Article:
If you know me at all, you probably understand that I’m not a very adventurous person…unlike some of my friends. I know at least one person who wants to go backpacking across Europe, one who wants to move to Los Angeles just for the fun of it, and one who recently moved 700 miles from home by herself to start her career in the medical field.
Me? Well, give me some books, my cozy writing desk, and some trail mix and I’m good to go. The past few months have held some adventures—in my estimation, at least—including writing a book, getting involved in a new church, and even a weekend in downtown Chicago. Okay, so it’s not backpacking across Europe, but for this homebody, it’s nearly the same.
But I’m usually willing to try something new. Like last fall when I jumped on my bike and went for 33 miles in a local trail ride…that was a first! But I loved it, and now I’m just waiting for spring to get here so I can get back on my bike. (What? You mean spring has been here for a month? Don’t tell Michigan!)
I used to go shopping with a dear sweet lady every week when I lived in Pennsylvania. She was definitely more adventurous than me, and would pull things off the rack that I would never even consider. She would say, “You’ll never know unless you try it on!”
My last post discussed the idea of self-discovery or learning about yourself. I told you about the event I took part in called Teens Involved. Many students who come to Teens Involved come with something new they’ve tried learning. Some have been working diligently on a particular skill for several years, but the beauty of T.I. is that it includes students who are advanced and those who are just beginning. T.I. gives students the opportunity to try and learn something new.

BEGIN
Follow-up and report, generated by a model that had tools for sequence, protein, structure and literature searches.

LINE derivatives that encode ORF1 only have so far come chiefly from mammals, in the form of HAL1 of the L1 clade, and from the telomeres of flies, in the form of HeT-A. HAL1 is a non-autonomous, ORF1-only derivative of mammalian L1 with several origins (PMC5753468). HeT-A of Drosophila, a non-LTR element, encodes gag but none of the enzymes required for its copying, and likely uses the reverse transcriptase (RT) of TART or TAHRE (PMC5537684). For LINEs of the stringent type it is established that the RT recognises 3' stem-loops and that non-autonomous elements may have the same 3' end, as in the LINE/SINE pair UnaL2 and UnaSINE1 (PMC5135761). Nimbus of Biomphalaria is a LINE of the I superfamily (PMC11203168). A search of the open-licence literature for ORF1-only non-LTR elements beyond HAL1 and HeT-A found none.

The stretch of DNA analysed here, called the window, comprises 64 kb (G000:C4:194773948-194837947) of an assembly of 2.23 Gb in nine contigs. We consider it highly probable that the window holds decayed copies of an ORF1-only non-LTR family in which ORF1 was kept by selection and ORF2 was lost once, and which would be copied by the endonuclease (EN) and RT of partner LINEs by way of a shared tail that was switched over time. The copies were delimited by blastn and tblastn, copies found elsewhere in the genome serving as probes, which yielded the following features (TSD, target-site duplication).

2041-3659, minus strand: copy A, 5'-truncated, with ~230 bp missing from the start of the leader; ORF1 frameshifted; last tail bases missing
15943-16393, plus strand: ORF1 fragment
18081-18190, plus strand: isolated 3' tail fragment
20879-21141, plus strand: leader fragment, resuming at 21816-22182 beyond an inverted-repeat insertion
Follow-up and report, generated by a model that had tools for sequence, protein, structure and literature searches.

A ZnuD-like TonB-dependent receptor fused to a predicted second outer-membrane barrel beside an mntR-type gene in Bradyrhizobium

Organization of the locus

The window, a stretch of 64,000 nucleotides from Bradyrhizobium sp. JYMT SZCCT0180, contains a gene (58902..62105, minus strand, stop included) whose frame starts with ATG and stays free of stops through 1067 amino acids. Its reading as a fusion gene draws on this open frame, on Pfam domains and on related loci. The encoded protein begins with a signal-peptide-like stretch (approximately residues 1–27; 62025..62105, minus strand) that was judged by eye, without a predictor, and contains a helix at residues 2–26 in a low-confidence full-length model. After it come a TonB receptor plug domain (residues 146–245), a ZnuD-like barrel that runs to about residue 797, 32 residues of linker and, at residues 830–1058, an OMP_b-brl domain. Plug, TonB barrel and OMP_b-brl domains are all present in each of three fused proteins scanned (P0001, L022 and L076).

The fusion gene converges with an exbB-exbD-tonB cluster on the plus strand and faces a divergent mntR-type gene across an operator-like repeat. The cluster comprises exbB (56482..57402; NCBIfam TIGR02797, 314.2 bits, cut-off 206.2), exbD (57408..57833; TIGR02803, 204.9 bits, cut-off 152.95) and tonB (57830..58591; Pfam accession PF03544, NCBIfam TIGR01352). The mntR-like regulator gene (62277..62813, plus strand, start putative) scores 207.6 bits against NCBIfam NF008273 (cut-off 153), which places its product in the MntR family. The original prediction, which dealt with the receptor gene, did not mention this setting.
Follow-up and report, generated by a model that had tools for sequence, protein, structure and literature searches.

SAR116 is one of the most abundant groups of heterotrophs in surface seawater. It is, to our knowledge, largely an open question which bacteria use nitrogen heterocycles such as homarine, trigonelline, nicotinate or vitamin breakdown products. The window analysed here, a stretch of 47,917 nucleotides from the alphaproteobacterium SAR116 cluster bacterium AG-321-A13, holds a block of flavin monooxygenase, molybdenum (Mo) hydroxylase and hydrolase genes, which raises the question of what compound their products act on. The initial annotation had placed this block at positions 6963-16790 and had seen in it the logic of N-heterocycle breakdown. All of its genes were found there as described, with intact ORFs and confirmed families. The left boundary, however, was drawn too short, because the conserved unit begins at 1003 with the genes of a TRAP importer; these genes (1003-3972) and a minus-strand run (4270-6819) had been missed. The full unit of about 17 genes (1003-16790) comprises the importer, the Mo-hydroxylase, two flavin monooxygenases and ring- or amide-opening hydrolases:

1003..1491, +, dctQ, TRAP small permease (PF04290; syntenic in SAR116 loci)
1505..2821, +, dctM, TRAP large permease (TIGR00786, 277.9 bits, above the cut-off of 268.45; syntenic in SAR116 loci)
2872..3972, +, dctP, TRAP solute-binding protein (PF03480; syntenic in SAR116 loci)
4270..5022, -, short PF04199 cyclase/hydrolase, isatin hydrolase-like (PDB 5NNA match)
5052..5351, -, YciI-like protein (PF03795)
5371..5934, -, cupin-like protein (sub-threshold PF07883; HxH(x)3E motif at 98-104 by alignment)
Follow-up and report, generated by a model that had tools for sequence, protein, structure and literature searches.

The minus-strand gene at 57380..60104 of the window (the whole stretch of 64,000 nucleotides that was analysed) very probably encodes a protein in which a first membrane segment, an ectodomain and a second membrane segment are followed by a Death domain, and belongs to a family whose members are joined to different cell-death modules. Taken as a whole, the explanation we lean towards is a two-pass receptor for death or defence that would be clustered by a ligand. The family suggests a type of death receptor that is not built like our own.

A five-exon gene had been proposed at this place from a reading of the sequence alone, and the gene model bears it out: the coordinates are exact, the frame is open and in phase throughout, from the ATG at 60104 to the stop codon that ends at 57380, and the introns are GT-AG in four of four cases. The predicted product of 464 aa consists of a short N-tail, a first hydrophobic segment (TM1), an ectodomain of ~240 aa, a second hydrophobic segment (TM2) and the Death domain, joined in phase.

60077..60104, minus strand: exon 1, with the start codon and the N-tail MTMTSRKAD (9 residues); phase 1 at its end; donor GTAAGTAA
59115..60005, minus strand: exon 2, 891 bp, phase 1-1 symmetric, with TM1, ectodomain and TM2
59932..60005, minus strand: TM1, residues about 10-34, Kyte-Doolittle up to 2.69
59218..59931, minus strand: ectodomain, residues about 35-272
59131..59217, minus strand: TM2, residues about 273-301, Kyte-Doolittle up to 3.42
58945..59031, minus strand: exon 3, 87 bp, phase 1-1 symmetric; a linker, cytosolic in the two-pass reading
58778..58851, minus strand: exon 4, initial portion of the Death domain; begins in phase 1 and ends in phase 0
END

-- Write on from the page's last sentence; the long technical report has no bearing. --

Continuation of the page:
Now that they’ve learned a new skill, they can either decide to keep playing with it, or set it down for a while. They might pick it back up later, but at least they know they have options. As they continue to discover things about themselves, the more things they try, the more they will know what they’re good at, what they’re not good at, and where their passions lie. They’re following Socrates’ advice, “know thyself.”
Trying new things is a catalyst for knowing yourself. And knowing yourself is essential to successful careers and relationships.
So here’s the big question: When was the last time you tried something new?
Is there something you’ve always wanted to do but didn’t know if you would be any good at it? You’ll never know unless you try it on!